Reading Text Files

1. File Types

There are a large variety data types (e.g. raster, point, polyline, polygon) used for GIS and even more file types (e.g. CSV, TIFF, IMG, ASC, GRID) to store them in. This actually creates a huge problem in having software and files that are incompatible with one another. There are two broad categories of files types, text files and binary files. Text files can be opened in a text editor like Notepad or MS-Word and include "PRJ" (projection), "XML" (metadata), KML (GoogleEarth), ASCII GRID, CSV (comma separated), and TXT (tab-delimited) files. Text files can also be written and read easily with Python. Binary files require special software and include Shapefile, MXD, Excel, Word, TIFF, JPG, PNG, and IMG files. Binary files can be written and read by Python scripts but this is much more challenging and typically we'll access these files through an application, like ArcGIS.

2. Text Files

The most typical files in scientific research are text files with a specified format.  Sometimes this format will be columns of entries with a specific character to delimit the entries in each column.  These files can be directly opened by Excel.  Comma-delimited files are the most common and may have a file extension of “csv” for comma separated values.  Tab-delimited are also common and may have a file extension of “txt” for Text or “asc” for ASCII.  The only way to be sure is to open the file in a text editor and check the format.  Do not be shy about this as the files will not hurt your application although opening a large file can take several minutes. 

Their are a large number of text files available on the Internet but they can vary in quality quite a bit. I recommend you spend some time browsing the web for data in your area of interest. There is a good chance you'll find a source of point data in a text file format. One source of these files is the "Avian Knowledge Network" (AVN, which contains points files for bird sightings throughout the world. These files can be very large and may need to be processed to select the data your are interested. This is where Python comes in.

3. File Paths

You have been working with file paths when ever you “open” and “save” files in applications on a computer.  The file system is very simple and each file path starts with a drive letter, the a colon, then the name of each folder the file is in starting at the drive and working down the folder the file is actually in.  The path ends in a file name with an extension and each folder name and the final file name is separated by a backslash. 

Below are examples of file paths:

C:/text.txt – a file at the root of the “C” drive
C:/temp/text.txt – a file in the folder named “temp” i the “C” drive

Notice that the "slash" character in my file paths is a "forward slash". You may be more used to seeing the "backslash" ("\") character. The problem with the backslash is that we are already using it for special characters like tabs. I recommend changing the backslashes to forward slashes but you can also use two backslashes ("\\") in file paths.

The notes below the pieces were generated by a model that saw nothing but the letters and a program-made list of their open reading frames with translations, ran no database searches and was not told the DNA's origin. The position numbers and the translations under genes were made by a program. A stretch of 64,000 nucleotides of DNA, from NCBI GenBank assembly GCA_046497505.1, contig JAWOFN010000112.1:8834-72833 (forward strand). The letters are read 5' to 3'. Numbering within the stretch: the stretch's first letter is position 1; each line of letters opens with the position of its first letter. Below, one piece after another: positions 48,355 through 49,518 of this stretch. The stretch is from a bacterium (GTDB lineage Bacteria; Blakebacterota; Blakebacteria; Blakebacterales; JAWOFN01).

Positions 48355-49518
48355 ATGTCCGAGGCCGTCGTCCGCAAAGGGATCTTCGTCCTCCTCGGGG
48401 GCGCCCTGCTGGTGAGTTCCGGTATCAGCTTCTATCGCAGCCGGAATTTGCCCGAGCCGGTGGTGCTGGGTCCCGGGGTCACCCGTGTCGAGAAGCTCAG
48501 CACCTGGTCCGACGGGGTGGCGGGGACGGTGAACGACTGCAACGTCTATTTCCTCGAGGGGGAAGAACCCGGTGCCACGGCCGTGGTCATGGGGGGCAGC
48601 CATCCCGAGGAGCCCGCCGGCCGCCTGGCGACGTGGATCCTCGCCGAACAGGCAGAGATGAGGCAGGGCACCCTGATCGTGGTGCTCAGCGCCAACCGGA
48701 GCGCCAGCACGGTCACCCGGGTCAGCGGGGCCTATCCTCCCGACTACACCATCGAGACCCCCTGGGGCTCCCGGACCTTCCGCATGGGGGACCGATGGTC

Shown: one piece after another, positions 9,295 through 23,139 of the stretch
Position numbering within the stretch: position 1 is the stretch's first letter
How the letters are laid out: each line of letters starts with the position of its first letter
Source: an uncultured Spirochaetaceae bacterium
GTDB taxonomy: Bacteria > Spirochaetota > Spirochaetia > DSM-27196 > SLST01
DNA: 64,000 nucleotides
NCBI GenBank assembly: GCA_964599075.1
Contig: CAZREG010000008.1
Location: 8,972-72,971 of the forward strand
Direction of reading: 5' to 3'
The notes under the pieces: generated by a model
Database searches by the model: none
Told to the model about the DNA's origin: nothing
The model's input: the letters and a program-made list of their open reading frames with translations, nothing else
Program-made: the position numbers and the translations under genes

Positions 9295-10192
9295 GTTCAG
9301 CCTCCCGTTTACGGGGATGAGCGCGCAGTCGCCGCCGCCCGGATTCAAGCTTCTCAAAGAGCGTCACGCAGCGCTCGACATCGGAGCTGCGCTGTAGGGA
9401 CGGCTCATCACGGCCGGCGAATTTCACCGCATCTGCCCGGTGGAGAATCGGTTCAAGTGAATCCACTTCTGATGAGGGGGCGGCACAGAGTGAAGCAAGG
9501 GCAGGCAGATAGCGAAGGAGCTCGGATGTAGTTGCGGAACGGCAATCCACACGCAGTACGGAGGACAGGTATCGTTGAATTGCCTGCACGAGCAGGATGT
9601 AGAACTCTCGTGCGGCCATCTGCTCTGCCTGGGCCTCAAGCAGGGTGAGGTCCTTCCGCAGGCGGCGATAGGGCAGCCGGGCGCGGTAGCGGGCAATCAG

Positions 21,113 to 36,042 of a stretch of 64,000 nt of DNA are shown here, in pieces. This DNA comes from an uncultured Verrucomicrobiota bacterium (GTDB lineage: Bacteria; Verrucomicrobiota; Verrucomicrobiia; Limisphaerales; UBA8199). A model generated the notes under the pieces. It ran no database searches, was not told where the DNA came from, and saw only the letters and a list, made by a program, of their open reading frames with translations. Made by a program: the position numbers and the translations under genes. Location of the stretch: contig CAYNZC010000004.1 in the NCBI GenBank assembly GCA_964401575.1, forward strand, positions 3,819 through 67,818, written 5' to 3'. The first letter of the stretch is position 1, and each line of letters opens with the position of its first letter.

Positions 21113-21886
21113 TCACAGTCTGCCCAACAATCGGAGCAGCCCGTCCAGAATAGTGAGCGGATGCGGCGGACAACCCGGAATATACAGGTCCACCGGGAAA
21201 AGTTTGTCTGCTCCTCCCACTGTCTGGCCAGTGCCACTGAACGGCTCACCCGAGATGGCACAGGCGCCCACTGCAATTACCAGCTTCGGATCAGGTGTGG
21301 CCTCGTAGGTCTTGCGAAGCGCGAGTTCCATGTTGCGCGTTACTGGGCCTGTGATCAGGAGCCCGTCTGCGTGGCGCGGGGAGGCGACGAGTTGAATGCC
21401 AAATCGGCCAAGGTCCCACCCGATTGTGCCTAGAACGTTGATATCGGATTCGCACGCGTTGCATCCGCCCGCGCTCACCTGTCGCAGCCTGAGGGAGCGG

The “desktop” is contained inside a folder fairly far down a list of folders. My desktop folder is at:

C:\Documents and Settings\jim\Desktop

Folders are also referred to as directories.

Many of the system files are hidden from you when you use windows.  Using Python you can access these files, overwrite them, and even delete them.  This can disable your operating system.  You can also delete your own files.  Be very careful when accessing files and make sure you are accessing the ones you mean to be.

4. Reading Text Files

It is very easy to read a text file in Python and very similar to writing to a text file. The following code will read an entire file into memory:

TheFile=open("C:/Temp/test.txt","r") # open the file for reading (thus the "r") # read the entire file contents into a variable
print(TheContent) # print the entire file contents
TheFile.close() # close the file

When reading a large text file you will probably want to read it one line at a time. This will save time and memory space. The function "readline()" will return one line at a time from a file and then return an empty line ("") when you have finished reading the file. The following code will read the first lines from a file, up to 100 lines:

TheFile=open("C:/Temp/test.txt","r") # open the file for reading (thus the "r")

TheLine=TheFile.readline() # read the first line in the file
while ((TheLine!="") and (NumLines<100)): # while the line is not blank, go through this loop
	TheLine=TheFile.readline() # read the next line in the file
	NumLines+=1 # add one to count the number of lines read


print("Read "+format(NumLines)+" lines from the file")

Try this with several files. Change the maximum number of lines displayed and see how many lines are actually in a file.

Note that in the example above, I had limited the number of lines to be read to 100 to keep my program from looping forever. For your final turn-in, make sure you change this to a very large number (like 1 million).

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